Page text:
Thirty-five thrilling chapters in this exciting novel taking place in Seville, Spain.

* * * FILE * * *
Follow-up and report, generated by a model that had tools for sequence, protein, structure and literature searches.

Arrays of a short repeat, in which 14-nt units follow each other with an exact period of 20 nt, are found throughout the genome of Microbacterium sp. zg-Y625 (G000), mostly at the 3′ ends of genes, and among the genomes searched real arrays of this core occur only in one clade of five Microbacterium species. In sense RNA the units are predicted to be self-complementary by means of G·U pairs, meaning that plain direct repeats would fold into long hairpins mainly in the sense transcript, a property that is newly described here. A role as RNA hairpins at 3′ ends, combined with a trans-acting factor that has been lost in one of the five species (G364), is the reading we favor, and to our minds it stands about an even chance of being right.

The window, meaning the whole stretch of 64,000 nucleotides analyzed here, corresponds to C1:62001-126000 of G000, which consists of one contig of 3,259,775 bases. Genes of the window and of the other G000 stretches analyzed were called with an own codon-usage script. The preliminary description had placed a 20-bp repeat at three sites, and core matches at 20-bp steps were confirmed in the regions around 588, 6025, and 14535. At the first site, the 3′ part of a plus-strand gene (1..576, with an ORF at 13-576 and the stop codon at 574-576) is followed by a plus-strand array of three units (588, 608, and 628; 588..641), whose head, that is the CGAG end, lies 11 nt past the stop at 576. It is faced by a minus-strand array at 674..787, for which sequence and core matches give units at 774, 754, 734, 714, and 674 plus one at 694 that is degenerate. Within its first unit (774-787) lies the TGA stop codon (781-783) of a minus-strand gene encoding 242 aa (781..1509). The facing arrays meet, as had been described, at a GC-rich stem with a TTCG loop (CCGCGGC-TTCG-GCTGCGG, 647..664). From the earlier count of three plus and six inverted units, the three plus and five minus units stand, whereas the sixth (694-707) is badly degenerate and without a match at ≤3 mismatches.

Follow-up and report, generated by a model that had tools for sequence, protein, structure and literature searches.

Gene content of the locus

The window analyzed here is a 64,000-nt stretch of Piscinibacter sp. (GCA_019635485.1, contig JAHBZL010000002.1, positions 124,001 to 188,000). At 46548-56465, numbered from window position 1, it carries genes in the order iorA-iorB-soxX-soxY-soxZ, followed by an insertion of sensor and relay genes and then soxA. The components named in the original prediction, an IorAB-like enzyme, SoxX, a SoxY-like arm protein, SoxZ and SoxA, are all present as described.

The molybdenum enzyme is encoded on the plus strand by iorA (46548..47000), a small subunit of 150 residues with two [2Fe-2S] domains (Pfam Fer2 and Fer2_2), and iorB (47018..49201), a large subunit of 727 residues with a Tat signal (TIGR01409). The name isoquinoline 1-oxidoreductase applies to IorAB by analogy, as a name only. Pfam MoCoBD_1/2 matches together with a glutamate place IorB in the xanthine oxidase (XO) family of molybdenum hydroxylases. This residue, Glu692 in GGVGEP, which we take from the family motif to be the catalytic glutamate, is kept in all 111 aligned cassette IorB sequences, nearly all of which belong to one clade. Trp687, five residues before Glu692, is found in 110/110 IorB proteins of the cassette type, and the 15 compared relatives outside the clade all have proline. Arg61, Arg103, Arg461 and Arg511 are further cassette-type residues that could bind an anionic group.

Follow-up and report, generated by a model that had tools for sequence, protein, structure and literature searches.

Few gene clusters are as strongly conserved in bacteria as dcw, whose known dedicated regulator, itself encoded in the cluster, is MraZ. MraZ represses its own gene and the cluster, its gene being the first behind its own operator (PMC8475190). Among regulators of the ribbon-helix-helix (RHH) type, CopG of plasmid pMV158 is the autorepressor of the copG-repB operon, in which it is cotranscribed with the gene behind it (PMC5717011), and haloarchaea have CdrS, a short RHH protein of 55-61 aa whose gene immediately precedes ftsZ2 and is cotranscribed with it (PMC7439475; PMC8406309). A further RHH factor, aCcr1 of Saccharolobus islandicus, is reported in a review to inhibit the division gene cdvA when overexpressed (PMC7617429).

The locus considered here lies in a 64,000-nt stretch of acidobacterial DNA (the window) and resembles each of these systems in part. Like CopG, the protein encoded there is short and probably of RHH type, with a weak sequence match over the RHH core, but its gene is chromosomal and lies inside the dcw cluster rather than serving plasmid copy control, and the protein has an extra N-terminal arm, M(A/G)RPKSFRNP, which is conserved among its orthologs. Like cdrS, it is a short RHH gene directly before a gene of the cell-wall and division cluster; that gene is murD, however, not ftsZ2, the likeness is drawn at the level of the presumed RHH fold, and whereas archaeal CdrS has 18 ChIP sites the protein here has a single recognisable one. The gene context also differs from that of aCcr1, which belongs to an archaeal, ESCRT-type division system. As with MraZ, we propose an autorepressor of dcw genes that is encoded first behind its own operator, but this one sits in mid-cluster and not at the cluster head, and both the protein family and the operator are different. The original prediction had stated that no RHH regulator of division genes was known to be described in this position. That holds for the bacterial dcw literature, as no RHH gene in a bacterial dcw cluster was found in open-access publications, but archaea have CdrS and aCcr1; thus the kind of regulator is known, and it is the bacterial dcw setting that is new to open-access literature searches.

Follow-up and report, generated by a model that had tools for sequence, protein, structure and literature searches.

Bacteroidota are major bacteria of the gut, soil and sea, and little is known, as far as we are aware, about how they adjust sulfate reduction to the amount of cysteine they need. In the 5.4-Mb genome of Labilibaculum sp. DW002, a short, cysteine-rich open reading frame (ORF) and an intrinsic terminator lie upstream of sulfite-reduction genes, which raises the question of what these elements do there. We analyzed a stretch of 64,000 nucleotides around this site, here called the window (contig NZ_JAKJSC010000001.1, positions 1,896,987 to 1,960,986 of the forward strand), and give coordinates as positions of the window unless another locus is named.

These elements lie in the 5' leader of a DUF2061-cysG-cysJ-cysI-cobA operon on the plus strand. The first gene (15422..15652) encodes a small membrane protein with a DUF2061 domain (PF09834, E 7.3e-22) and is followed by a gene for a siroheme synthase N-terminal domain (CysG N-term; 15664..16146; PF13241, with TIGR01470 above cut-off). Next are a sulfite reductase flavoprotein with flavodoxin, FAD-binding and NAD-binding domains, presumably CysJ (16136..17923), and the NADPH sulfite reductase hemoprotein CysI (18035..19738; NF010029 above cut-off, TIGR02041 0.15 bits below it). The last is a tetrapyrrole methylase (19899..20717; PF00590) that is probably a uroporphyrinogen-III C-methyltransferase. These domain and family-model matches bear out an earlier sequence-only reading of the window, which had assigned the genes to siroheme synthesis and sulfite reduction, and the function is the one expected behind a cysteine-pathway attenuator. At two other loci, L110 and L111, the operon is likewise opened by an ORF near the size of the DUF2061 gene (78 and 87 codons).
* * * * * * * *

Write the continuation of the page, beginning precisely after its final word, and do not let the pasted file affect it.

y courtesy, gave to him an interest in the mind of Lucius--an interest made up of mingled admiration, curiosity, and pity. The Spanish clerk, compared to his English employer, appeared to Lucius like a polished Toledo blade compared to a kitchen utensil. Lucius was occasionally reminded by the mien of his companion of other qualities of the rapier besides its exquisite polish. Insult, or what he deemed such, would make the Spaniard's dark eyes flash with an expression which told that his pride was not subdued, and that his anger might be dangerous. It was perhaps well that Mr. Passmore's inability to speak Spanish with anything approaching to fluency made him generally employ Lepine as the channel of communication between himself and De Aguilera. Many a dictatorial command or coarse reproof, uttered by Passmore, came softened from the lips of the English gentleman,--words which, if repeated in the tone in which they had first been spoken, would have made the haughty Spaniard lay his hand on his stiletto.